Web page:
Colleges are urged to put money into communities; Ex-mayor, now president of Trinity College, says it's a moral obligation


WASHINGTON -- Private colleges, often rich in both money and knowledge, have long faced a thorny question: Are they morally obliged to contribute to their local communities, especially if the residents are in urgent need of help?

The answer is a resounding yes, according to one mayor-turned-college-president who is spearheading an effort to explore new ways that schools can help revitalize their neighborhoods.

"The challenge is to resist the impulse to build walls," said Evan S. Dobelle, president of Trinity College in Hartford, Conn.

"Such distancing techniques, used by city planners and college presidents for decades as a response to poverty and racial difference, will not make problems go away. They will invite harsh judgment from history."

Dobelle, speaking to journalists and Trinity alumni at a luncheon here yesterday, highlighted the work of his own school in rejuvenating Hartford and implored other colleges to follow suit.

Trinity's example, he argued, demonstrates that committing endowment dollars directly to helping a community -- rather than just urging students to do outreach work or training public officials -- has emerged as the key to a better quality of life.

In an aggressive campaign that began in 1996, Trinity has devoted $6 million of its endowment to Hartford. That money, Dobelle said, has since been leveraged into more than $200 million -- in donations by public and private foundations -- to build schools, support recreation centers and offer job training to residents of the depressed community that surrounds Trinity.

Dobelle said that with few exceptions -- he singled out New York University and the University of Southern California -- private colleges tend not to put themselves at financial risk on behalf of their host neighborhoods.

That means that the communities will continue to suffer, he contended, and it signals to the public that schools are not truly committed to a social agenda.

"We need more than the simple improvement of dilapidated housing or streetscape beautification," he said.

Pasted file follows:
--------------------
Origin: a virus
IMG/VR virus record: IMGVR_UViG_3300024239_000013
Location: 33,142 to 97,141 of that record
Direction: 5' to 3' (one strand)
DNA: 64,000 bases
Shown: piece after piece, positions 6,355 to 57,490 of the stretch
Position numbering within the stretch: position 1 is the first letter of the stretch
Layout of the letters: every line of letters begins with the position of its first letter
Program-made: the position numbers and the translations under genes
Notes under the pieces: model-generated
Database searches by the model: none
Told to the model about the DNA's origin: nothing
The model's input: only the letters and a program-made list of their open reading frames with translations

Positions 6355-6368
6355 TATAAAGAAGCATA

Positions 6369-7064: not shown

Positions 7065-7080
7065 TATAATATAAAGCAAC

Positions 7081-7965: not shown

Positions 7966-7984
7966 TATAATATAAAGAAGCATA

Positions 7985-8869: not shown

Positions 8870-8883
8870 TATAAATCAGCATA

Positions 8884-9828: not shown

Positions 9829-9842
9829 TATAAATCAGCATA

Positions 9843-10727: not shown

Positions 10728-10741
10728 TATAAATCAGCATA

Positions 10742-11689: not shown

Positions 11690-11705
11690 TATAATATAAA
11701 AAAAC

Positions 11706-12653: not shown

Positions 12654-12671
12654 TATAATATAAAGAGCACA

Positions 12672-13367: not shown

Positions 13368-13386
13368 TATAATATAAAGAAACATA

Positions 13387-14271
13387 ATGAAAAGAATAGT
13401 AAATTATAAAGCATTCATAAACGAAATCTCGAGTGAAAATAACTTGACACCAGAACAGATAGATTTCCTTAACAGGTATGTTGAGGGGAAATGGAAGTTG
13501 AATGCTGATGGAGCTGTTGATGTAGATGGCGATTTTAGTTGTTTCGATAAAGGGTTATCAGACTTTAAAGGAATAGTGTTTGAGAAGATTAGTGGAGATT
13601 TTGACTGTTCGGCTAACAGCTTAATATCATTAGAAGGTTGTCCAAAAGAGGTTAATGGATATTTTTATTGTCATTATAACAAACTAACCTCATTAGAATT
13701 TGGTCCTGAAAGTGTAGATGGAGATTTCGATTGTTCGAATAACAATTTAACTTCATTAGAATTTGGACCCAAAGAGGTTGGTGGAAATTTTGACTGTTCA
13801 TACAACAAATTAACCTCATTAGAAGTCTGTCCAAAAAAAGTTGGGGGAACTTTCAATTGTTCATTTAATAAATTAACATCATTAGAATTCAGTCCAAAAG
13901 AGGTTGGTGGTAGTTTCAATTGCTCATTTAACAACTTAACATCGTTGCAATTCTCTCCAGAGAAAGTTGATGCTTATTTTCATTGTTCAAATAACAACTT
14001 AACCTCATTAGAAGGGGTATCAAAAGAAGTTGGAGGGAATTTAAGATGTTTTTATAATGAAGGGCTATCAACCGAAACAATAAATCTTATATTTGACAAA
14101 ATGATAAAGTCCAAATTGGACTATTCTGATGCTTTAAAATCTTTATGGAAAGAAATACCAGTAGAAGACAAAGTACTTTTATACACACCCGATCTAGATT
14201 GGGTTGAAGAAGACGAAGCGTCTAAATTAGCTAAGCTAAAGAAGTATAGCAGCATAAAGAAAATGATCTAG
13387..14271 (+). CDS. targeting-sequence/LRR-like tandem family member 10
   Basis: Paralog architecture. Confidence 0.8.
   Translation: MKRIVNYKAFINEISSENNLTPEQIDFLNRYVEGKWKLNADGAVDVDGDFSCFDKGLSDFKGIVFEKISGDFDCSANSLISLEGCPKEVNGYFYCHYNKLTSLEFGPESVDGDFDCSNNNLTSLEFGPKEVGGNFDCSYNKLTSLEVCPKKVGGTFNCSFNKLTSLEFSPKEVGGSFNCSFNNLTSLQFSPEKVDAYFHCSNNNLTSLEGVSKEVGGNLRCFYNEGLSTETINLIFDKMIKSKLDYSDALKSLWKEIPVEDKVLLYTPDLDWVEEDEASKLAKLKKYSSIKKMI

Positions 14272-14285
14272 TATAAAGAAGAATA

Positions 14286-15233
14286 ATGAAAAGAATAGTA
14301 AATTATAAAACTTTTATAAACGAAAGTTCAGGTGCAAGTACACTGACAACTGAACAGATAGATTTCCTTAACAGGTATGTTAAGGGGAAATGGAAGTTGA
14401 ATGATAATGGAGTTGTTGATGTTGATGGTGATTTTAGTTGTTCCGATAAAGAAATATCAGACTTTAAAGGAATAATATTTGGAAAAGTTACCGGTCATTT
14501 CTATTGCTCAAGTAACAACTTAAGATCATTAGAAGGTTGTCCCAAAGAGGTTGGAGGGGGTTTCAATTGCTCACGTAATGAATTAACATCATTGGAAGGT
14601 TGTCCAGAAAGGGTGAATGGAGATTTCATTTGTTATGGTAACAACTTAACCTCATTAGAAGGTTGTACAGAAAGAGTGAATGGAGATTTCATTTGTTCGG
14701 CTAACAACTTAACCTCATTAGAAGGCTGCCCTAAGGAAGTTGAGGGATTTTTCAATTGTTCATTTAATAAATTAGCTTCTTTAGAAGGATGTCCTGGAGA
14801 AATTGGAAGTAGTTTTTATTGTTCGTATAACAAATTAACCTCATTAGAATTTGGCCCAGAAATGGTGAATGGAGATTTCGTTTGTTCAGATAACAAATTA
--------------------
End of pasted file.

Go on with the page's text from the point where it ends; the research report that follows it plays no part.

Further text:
Dobelle, who was mayor of Pittsfield, Mass., and U.S. chief of protocol under President Jimmy Carter before joining Trinity in 1995, has won recognition for his efforts to help Hartford.

But he acknowledges that his campaign was born partly of self-interest: Trinity can now market itself as a school that is dedicated to helping the poor and that is situated in an urban setting far more appealing than in the past. Applications have soared by 38 percent since he arrived.

But while officials at other schools publicly laud Dobelle for his efforts, some challenge the implication that their own institutions are doing nothing comparable for their cities.

In an interview after his remarks, Dobelle said he was jolted during a visit to the Johns Hopkins University four years ago, when some senior college officials dissuaded him from walking to Penn Station to catch his train, saying the neighborhood is unsafe.

"Why don't you fix it?" he recalled saying, frustrated by their apathy. Dobelle would not say who those officials were.

Dennis O'Shea, a spokesman for Johns Hopkins, said yesterday that he was unaware of that exchange, but said he knows of a slew of cases in which Hopkins has helped Baltimore, including an effort to improve the health of East Baltimore residents.

O'Shea said Hopkins cannot freely spend endowment money on community projects, as Dobelle has, because the funds are restricted to specific purposes by their donors.

"I don't think anybody can help but be impressed by what Trinity is doing," O'Shea said. "I do think, however, that it's possible to approach problems in different ways."

But Trinity's recent successes may be signaling -- or, as Dobelle suggests, igniting -- a realization by colleges that it's time to re-examine community outreach.

Paul Grogan, chief spokesman at Harvard University, said Harvard has begun to examine new ways to contribute to Cambridge, Mass. In part, that is because the relationships between urban colleges and their communities are becoming more important today, given how easily industries can pick up and relocate.

A college is "a tremendous asset that is stationary," Grogan said. "The rest of the economy has displayed a rootlessness."

Pub Date: 2/19/99

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